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View Full Version : *Fate* vs "Free Will"



Averon 2011
07-22-2011, 02:13 PM
DELETE

shelleyo
07-22-2011, 02:18 PM
Or do you laugh in the face of such a crazy notion

That.

Shelley

Devil Ledbetter
07-22-2011, 04:20 PM
I see it like this:

Fate = What happens to me is predetermined.
Free Will = I determine what happens to me.
Chance = Stuff happens that no one planned.

My life is a combination of chance and free will. Stuff happens, and I determine what to do about it. Or I determine what to do, and sometimes chance helps and sometimes it gets in my way.

Fate is not in the picture. It is merely false attribution of the things that happen by chance or free will to some unseen outside intellect. IMO.

shadowwalker
07-22-2011, 08:14 PM
I see it like this:

Fate = What happens to me is predetermined.
Free Will = I determine what happens to me.
Chance = Stuff happens that no one planned.

I'd change it just a bit:

Fate = What happens to me is predetermined.
Free Will = I determine how I react to what happens to me.
Chance = Stuff happens that no one predicted.

I think fate is not necessarily the little details, but the overall ending. I've come to that belief because it seems that, in my life at least, no matter how often I try to do the 'right thing' or change the way I've acted, the outcome is still the same. Something always seems to happen that puts my efforts in the trash. Sometimes it's good (How could I foul up so badly and still have this great outcome?) and sometimes not so good (But I did everything I was supposed to - why didn't it work?). So my only recourse is to change the way I react to the inevitable, and move on.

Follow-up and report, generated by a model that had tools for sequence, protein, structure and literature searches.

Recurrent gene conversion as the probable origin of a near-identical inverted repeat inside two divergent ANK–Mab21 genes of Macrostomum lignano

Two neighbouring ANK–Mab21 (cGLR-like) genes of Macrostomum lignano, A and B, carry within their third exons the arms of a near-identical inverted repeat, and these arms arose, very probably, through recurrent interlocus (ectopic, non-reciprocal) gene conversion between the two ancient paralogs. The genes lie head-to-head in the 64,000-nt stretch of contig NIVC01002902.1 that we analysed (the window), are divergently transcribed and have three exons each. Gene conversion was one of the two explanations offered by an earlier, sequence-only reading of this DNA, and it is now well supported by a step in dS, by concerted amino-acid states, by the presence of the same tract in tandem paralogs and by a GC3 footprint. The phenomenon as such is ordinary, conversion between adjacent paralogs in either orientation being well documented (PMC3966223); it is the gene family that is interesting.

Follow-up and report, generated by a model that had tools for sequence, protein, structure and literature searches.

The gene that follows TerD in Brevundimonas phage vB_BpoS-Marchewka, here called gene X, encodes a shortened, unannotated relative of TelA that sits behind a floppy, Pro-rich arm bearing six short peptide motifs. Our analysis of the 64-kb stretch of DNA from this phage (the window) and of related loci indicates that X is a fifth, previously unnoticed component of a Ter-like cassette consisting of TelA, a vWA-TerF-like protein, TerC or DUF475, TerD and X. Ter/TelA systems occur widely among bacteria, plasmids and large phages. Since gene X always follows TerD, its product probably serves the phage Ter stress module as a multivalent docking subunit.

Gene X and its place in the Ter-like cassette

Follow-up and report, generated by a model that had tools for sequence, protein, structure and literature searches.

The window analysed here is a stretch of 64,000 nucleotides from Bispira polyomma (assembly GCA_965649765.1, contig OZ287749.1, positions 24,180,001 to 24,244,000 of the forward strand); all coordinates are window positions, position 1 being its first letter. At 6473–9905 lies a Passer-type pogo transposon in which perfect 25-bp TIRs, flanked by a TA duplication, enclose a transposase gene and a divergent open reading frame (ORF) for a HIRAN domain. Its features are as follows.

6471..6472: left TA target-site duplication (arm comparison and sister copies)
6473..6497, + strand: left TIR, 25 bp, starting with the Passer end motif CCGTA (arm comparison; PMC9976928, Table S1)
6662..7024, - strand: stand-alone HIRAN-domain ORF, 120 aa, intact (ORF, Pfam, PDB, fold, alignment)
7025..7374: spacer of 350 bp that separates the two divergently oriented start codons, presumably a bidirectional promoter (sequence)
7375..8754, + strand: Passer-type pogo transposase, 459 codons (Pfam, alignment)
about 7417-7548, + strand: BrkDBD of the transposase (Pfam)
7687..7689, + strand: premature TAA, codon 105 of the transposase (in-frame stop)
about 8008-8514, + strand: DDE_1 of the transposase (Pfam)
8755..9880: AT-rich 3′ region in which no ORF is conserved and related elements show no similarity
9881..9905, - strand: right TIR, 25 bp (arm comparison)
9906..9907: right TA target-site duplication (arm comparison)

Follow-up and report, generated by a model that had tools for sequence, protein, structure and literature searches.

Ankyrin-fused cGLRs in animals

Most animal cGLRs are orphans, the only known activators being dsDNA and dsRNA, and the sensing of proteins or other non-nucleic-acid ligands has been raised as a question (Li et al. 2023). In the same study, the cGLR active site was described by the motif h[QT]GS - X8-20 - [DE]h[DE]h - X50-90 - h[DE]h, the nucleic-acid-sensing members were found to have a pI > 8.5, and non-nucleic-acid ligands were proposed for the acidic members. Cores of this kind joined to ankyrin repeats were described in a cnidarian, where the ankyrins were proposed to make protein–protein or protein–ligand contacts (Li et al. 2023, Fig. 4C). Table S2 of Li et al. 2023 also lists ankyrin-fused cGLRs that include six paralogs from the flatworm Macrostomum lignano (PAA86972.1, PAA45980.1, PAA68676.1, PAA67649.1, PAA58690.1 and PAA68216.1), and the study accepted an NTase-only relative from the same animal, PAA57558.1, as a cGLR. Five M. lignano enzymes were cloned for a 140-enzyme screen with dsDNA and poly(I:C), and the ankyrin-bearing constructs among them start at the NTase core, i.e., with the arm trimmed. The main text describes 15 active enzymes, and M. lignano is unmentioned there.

The Unseen Moon
07-22-2011, 09:03 PM
No fate but what we make.

veinglory
07-22-2011, 09:27 PM
I think that outside of a religious context we are not talking about "fate" (someone/thing plots your course) but "determinism" (if you know the starting conditions and rules you could theoretically predict the future, but due to baffling levels of complexity we mostly can't).

I am quite strongly deterministic. I think that what we want to ("free will") do is largely determined by our genetics and total life experience not some wibbly whim of the moment. Thus you can be in control of your life and have a sense of agency and still live in a deterministic word.

However I do leave some wiggle room for uncertainty/chance/stuff.

gayle12
07-30-2011, 10:17 AM